And I believe that’s significant. Because the love Paul is talking about here is not primarily something you feel but something you do. We may not always be able to control our feelings, but we can control our actions, and even to some extent our motivations. “Agape” love is something that you either choose to do or you choose not to do.
With that in mind, let’s take a look at what Paul has to say about love. Beginning in verse 4,
“Love is patient and kind; love does not envy or boast; it is not arrogant or rude. It does not insist on its own way; it is not irritable or resentful; it does not rejoice at wrongdoing, but rejoices with the truth. Love bears all things, believes all things, hopes all things, endures all things.” (I Corinthians 13:4-7)
As we look at these various qualities of love over the next few weeks, I would encourage you to take out a pen and make two lists. You can find a space for these on your sermon notes page. One list is labeled “My Love Strengths” and the other is labeled “My Love Weaknesses.” And as we go through these verses together, I’d like for you to think about each characteristic of love which Paul describes and write it down under one of those two lists. Is this something that you do pretty well, or is it something you struggle with? And then, when we finish out this section, we’ll talk some more about that.
We’re going to break this passage down into four parts. First, Paul begins with two verbs which describe positively what love is. Secondly, he gives a series of seven verbs which describe negatively what love is not. Thirdly, he gives a contrasting statement to describe love: love does not do this but rather does that. And then fourthly and finally, Paul describes four things that love always does. So, over the few weeks we’re going to look at what love is, what love is not, what love does and doesn’t do, and then, finally, what love always does.
But, this morning, it’s all about what love is. And the first thing that love is is this…..
- Love is Patient
Keep in mind that, in the Greek, this is a verb: “makrothumeo.” We’ve translated it into English as if it were an adjective — “love is patient”, because we don’t really have a verbal form of “patient.” But remember, in Greek, this is a verb. Paul is telling us what love does, how love acts.
The Greek word “makrothumeo”, is actually composed of two shorter words: “makro”, which means “long”; and “thumeo”, which means “passion” or “anger.” So, the word makrothumeo literally means, “takes a long time to get angry” or we would say, “slow to anger”.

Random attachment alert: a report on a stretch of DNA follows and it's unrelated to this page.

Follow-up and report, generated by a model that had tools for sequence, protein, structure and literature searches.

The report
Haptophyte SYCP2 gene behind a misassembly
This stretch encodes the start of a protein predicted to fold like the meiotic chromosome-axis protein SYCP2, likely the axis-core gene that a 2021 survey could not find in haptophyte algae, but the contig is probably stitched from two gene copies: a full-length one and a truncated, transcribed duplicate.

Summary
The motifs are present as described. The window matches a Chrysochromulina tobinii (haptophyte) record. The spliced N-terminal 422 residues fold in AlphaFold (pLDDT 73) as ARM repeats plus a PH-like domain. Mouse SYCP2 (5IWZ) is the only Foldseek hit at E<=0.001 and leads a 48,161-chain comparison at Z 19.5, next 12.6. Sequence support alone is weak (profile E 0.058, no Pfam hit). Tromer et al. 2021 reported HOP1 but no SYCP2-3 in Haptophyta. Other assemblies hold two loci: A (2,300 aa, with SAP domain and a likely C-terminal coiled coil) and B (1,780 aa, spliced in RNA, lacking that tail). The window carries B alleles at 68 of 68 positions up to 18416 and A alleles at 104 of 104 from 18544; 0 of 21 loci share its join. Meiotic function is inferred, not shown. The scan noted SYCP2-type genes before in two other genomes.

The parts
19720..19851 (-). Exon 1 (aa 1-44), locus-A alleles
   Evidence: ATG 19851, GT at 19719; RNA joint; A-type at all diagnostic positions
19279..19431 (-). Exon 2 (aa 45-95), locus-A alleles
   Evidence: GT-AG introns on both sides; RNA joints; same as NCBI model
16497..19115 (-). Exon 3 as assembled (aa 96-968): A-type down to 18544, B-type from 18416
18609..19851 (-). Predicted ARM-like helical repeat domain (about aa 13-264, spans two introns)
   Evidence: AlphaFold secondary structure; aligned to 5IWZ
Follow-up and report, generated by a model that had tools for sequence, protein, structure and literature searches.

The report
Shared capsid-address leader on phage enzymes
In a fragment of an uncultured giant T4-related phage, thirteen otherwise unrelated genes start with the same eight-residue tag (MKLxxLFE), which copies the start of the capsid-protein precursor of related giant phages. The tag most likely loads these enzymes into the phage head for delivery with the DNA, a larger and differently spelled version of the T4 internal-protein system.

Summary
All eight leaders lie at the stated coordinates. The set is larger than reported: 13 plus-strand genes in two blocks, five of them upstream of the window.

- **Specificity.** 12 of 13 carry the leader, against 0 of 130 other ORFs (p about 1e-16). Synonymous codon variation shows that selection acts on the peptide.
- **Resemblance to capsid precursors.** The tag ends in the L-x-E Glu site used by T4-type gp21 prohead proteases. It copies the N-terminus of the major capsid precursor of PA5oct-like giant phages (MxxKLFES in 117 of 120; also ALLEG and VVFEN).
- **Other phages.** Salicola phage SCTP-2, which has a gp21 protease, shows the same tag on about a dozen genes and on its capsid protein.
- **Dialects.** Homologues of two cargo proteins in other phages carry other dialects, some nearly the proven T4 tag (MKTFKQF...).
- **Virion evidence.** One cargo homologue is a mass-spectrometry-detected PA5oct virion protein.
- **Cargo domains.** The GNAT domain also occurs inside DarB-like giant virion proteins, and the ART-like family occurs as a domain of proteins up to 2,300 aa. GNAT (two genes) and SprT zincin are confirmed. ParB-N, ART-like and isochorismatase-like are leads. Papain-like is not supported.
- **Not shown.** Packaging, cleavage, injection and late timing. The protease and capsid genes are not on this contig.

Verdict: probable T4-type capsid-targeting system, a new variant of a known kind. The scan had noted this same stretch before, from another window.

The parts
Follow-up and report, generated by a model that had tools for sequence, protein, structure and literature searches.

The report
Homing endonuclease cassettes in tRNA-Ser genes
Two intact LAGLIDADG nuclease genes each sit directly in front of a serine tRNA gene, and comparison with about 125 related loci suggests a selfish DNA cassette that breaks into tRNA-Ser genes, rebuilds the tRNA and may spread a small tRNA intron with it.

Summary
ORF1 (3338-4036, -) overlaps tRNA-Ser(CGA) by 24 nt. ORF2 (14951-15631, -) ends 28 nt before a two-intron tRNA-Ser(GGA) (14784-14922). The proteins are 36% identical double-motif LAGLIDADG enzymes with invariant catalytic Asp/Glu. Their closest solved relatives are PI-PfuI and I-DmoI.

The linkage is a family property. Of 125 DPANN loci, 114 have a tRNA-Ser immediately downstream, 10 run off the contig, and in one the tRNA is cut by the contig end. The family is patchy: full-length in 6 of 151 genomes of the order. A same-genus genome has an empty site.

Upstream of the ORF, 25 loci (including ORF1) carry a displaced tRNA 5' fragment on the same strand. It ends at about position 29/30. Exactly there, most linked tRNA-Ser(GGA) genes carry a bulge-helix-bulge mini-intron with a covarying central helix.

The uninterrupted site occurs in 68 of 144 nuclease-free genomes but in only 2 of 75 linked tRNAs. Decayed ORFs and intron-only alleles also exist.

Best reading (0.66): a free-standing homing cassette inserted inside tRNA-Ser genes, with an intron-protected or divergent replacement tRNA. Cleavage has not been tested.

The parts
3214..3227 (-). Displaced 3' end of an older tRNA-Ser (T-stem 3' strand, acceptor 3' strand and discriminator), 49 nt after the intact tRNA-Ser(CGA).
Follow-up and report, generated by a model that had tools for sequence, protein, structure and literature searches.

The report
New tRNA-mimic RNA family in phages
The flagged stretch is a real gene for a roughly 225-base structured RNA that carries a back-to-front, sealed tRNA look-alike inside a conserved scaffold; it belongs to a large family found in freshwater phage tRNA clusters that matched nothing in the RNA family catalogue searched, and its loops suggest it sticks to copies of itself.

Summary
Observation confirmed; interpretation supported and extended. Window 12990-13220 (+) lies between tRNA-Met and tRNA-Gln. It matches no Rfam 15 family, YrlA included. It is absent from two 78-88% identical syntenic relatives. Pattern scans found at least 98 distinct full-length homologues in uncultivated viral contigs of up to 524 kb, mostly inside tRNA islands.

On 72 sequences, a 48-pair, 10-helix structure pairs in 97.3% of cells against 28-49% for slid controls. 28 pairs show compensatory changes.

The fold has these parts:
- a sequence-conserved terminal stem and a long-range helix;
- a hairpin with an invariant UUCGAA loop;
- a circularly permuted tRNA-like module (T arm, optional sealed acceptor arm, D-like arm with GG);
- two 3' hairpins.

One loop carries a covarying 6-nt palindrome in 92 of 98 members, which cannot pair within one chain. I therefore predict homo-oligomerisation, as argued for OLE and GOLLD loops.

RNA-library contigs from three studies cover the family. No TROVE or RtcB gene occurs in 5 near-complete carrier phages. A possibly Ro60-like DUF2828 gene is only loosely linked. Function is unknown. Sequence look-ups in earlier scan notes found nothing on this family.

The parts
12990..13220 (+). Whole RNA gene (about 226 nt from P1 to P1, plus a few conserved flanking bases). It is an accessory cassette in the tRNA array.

You’ve probably heard the expression before: He or she “has a short fuse”. When we say that about someone, we mean that it doesn’t take much to get them upset. Say the wrong thing, and they’ll get angry. Do something they don’t like, and they will quickly get offended. We say they “have a short fuse.” Well, Paul tells us that love is the opposite of that. Love has a long fuse.” It is not upset easily or quickly angered.
There are actually two different kinds of patience – there’s patience with people and patience with things. And most of the time, we tend to think of patience in terms of things or circumstances. How do you react when your washing machine breaks down or you have to wait in traffic or there’s a long line at the grocery store? Well, that all depends on how patient you are. A patient person can take it all in stride while an impatient person may rant and rave and get all upset. And it’s certainly true that we all need more patience with things or circumstances.
But Paul is more concerned with a patience with people. The word here means “to bear patiently with other people’s faults and offenses.” And I think it’s significant that this is the first characteristic of agape love because, remember, agape love is totally unconditional. It is choosing to love someone else not because of who they are, not because of all the nice things they may do for you, but it is a love that we demonstrate in spite of who they are, in spite of what they may do to you or what they have done to you in the past.
It is a love that understands that people aren’t perfect and sometimes mess up. It is a love which sees the potential in people and doesn’t expect instant maturity or growth. It is a love just like the love that God has for us.